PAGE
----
The last word
On December 17, 2012 At 2:00 pm
Responses : One Comment
This is the very last 101fundraising blog post of 2012 and incidentally also our 200th. It therefore seems doubly appropriate to round out the year with a retrospective look at the year (almost) gone by.
For me personally and professionally 2012 has been – more than any year yet – one of tremendous learning. Some things I have learned through study or testing. And also many through mistakes and failure. But now, after taking stock, I’m very glad for both.
So what are my big lessons from the year?
Continuous acquisition of new donors is just as important as a good retention program.
While the real fundraising happens (at least traditionally) within our existing base of donors, I’ve come to think much differently about the necessity of having a strong and constantly (re)innovative program to attract new supporters.
Having worked historically in a very large market for relatively small organisations, I never had to think in more than a cursory way about market positioning, channel diversification, etc. But after coming to work in a much smaller and highly competitive market, suddenly the need to have a sharp, forward-thinking and ingenious recruitment programme seems much more pressing.
And although my change in thinking is driven by experience in a new market, I can’t help wondering if, even though it didn’t seem necessary at the time, I could have done a lot more for the small organisations in the U.S. if I had invested more time and energy on testing new channels and finding new types of supporters.
I have also learned this year that branding and name recognition are far more essential to a successful acquisition program than I previously thought. Sure, there are those who will give just by hearing what great work you do. But if you really want to grow, it helps if the general population (or at least the population of those who are trying to recruit) already know something about your work.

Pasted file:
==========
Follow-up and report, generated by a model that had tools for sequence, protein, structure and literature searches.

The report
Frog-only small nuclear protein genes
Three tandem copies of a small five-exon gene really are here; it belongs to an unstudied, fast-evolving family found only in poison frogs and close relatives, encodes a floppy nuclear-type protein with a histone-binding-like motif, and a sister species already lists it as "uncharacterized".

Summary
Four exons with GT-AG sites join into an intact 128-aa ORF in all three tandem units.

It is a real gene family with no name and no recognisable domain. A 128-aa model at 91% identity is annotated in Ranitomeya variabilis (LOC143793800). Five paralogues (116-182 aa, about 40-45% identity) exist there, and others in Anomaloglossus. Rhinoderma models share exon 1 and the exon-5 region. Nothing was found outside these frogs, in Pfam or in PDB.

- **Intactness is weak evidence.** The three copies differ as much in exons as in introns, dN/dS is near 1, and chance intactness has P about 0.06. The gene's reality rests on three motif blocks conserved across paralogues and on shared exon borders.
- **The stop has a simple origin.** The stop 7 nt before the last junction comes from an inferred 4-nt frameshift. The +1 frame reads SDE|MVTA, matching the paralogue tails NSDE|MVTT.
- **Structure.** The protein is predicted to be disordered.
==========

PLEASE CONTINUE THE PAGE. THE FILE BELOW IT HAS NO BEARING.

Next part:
So in 2013, I will pay a lot more attention to my communications colleagues when they start talking about positioning documents, brand guidelines, brand keys and so forth.
Engage (potential) donors emotionally rather than transactionally.
Emotion in fundraising has been something of a theme this year on 101fundraising, and it was reiterated for me at IFC when Bill Toliver characterised seven stages of engagement, using the analogy of buying a car or jewerly.
In contrast to buying groceries or a toy (a merely transactional purchase), donors who stay with an organisation through thick and thin have likely gone through a decision-making process much more intimate and reflective.
And this approach to building loyalty is not merely ‘soft’. It’s also reflected in the increased application of the segmentation models that more and more organisations are using. Models that weigh donors’ non-financial engagement and commitment have replaced the old purely transactional RFM matrix.
The world is changing rapidly, and with the current economic climate and international and generational transfers of wealth, the role of a fundraiser seems increasingly complex. It is no longer sufficient to just keep doing the same thing that has always worked. Sooner or later, things will change. This year we have also seen a number of posts on 101fundraising about innovation, product and channel lifecycles and planning ahead. And with good reason, because many of us have found ourselves caught off guard, without a back-up plan. This year has shown me the importance of always thinking about the future.
Lastly I have in 2012 not so much learned but come to accept that – to bastardize an expression that we use often in fundraising – you sometimes have to learn to walk while you are running. Change is messy. People are messy. Groups of people are even more messy. And groups of people creating change are especially messy. And as fundraisers, creating change in the world stands at the core of our motivation and our practice.
And so I have in 2012 learned to better appreciate the mess, though it sometimes feels chaotic, as a sign of a highly engaged, functionally diverse and roundly creative team. And even to be grateful for it, because it means that we continue to reinvent ourselves.
Finally, in the spirit of the season, a New Year’s resolution:
Will we go the distance next year to ensure the success of the causes we cherish? Can we be more than just professional fundraisers, but earnest champions for the people, animals, planet and values we represent? I hope so. Let’s resolve to begin 2013 as a sector with soaring expectations but also a healthy fear of failure.
Best wishes for a wonderful holiday season, and see you back here in 2013!
p.s. Be sure not to miss the best blog posts of Q4 this Thursday! Check back here or subscribe to 101fundraising.